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There's always so much to unpack about a movie trailer: the stars, the plot, how much of the plot is being totally given away. But in many cases, the part of the trailer that sticks with you the longest is the music. Be it a pop song or a piece of orchestral score, it's the music that most often makes a trailer.
This Week's Trailer: Enough Said, heralding the latest effort from writer/director Nicole Holofcener. This film appears to be taking a break from the status-conscious comedy of manners that Holofcener had been lingering on, with Friends With Money and Please Give, and more towards the kind of relationship comedy we haven't seen since at least Walking and Talking. The film will also no doubt be notable for one of the final screen appearances by James Gandolfini. Julia Louis-Dreyfus plays a woman who starts to date Gandolfini, only to discover that he's the ex of her friend (Catherine Keener) who ends up unwittingly warning her about his less than stellar qualities.
This Week's Tune(s): "Ain't That a Kick in the Head?" the swinging standard popularized by the late Dean Martin.
How Literal Is It? As with many songs of that era, there isn't a ton of "there" to the lyrics. Which makes them incredibly malleable for any kind of film/TV/trailer context, and thus why you hear them -- and this song in particular -- so often. Basically, any romantic comedy is going to involve a strange circumstance or situation, and thus a sentiment like "ain't that a kick in the head?" will always apply.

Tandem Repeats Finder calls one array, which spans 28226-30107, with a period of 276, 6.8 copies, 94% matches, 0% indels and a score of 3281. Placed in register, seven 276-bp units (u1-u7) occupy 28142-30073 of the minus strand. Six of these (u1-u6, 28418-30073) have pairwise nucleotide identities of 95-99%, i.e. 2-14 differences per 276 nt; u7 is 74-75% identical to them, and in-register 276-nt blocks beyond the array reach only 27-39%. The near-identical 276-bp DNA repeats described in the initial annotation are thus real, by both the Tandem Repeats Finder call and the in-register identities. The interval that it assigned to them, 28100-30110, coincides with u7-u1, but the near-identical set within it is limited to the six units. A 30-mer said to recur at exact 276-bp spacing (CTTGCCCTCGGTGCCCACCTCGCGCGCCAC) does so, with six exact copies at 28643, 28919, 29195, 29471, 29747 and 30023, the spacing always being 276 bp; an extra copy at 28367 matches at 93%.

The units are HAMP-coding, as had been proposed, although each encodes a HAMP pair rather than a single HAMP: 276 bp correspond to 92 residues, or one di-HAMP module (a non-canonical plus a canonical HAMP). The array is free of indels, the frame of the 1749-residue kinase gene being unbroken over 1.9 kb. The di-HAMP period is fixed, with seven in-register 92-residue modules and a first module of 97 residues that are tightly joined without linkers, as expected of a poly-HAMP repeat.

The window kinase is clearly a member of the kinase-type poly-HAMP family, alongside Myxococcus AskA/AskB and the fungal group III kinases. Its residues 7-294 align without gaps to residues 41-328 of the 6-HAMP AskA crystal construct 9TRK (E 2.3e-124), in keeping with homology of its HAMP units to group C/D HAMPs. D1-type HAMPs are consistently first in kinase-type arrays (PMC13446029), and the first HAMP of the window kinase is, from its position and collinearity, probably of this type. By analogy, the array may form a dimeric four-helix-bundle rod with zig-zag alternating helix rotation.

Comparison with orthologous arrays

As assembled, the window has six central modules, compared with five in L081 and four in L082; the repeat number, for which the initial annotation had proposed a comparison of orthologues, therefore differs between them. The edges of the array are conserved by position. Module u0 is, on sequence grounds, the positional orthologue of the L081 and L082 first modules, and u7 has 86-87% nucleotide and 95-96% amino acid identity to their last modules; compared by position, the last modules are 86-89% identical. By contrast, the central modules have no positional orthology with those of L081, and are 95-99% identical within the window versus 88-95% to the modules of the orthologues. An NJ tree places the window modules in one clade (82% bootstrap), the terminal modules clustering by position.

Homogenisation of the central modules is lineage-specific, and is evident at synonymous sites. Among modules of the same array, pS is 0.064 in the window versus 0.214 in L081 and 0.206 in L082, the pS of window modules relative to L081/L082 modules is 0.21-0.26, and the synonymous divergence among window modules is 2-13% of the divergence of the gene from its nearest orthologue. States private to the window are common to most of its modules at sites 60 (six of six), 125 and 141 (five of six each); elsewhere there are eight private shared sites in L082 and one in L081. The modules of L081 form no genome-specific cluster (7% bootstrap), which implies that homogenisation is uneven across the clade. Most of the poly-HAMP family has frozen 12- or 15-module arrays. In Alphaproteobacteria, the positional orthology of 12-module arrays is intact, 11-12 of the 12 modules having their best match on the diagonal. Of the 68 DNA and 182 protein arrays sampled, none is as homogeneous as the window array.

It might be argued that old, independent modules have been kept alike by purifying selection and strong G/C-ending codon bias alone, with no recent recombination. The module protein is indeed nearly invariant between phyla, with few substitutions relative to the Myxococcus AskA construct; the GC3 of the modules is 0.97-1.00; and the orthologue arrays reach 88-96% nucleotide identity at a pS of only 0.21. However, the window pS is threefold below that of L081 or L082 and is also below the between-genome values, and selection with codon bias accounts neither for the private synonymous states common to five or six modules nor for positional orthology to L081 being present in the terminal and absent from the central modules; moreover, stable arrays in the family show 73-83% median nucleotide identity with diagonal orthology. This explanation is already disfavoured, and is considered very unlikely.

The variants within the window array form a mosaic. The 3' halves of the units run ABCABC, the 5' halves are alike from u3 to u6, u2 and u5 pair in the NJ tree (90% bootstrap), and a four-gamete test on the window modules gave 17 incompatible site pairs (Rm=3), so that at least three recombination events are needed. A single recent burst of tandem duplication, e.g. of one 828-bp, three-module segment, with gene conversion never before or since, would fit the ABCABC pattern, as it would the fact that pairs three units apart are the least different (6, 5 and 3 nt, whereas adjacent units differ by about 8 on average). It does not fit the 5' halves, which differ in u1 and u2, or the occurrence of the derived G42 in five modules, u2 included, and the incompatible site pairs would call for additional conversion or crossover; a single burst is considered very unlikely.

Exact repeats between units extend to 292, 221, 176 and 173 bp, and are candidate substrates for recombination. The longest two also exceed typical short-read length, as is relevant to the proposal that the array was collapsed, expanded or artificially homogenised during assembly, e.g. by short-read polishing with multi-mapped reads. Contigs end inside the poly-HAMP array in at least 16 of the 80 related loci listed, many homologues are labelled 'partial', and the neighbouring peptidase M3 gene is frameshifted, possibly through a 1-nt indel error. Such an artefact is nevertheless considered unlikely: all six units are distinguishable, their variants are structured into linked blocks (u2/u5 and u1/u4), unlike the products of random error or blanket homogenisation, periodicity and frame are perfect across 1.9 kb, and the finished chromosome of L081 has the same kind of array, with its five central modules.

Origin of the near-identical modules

How Emotional Is It? The point of including a big-band Dean Martin song (or a Frank Sinatra song; or a Bobby Darin song) is to hearken back to old days, to suggest that your film has a kind of timeless quality, one that appeals to basically everybody. It says, "Hey. This is a romantic comedy without a whole lot of bells and whistles. One guy. One girl. That guy's ex-wife." When your cast boasts talents like Gandolfini, Keener, and Louis-Dreyfus, simplicity is such a virtue.
How Definitive Is It? Not at all! "Ain't That a Kick in the Head?" is used so often, it's sometimes hard to even register it. Just in the last ten years, the song has appeared in: Hitchcock, Mission: Impossible Ghost Protocol, Percy Jackson and the Olympians: The Lightning Thief, I Love You Man, and Let's Go to Prison. Coming soon to a theater near you, you can hear it in Lee Daniels' The Butler. And speaking of Gandolfini, the song was featured in The Sopranos.
Overall Trailer Tune Effectiveness: The film runs the risk of blending into the overall sonic landscape with a song as often-used as Martin's song is. But I'm not sure novelty is what the trailer is going for anyway. Familiarity appears to be the goal. A non-intrusive song that has an almost subliminal happy-making effect on the viewer and that doesn't distract them from the appealing performances of the actors. Doesn't make for a dynamic trailer, but a decently effective one.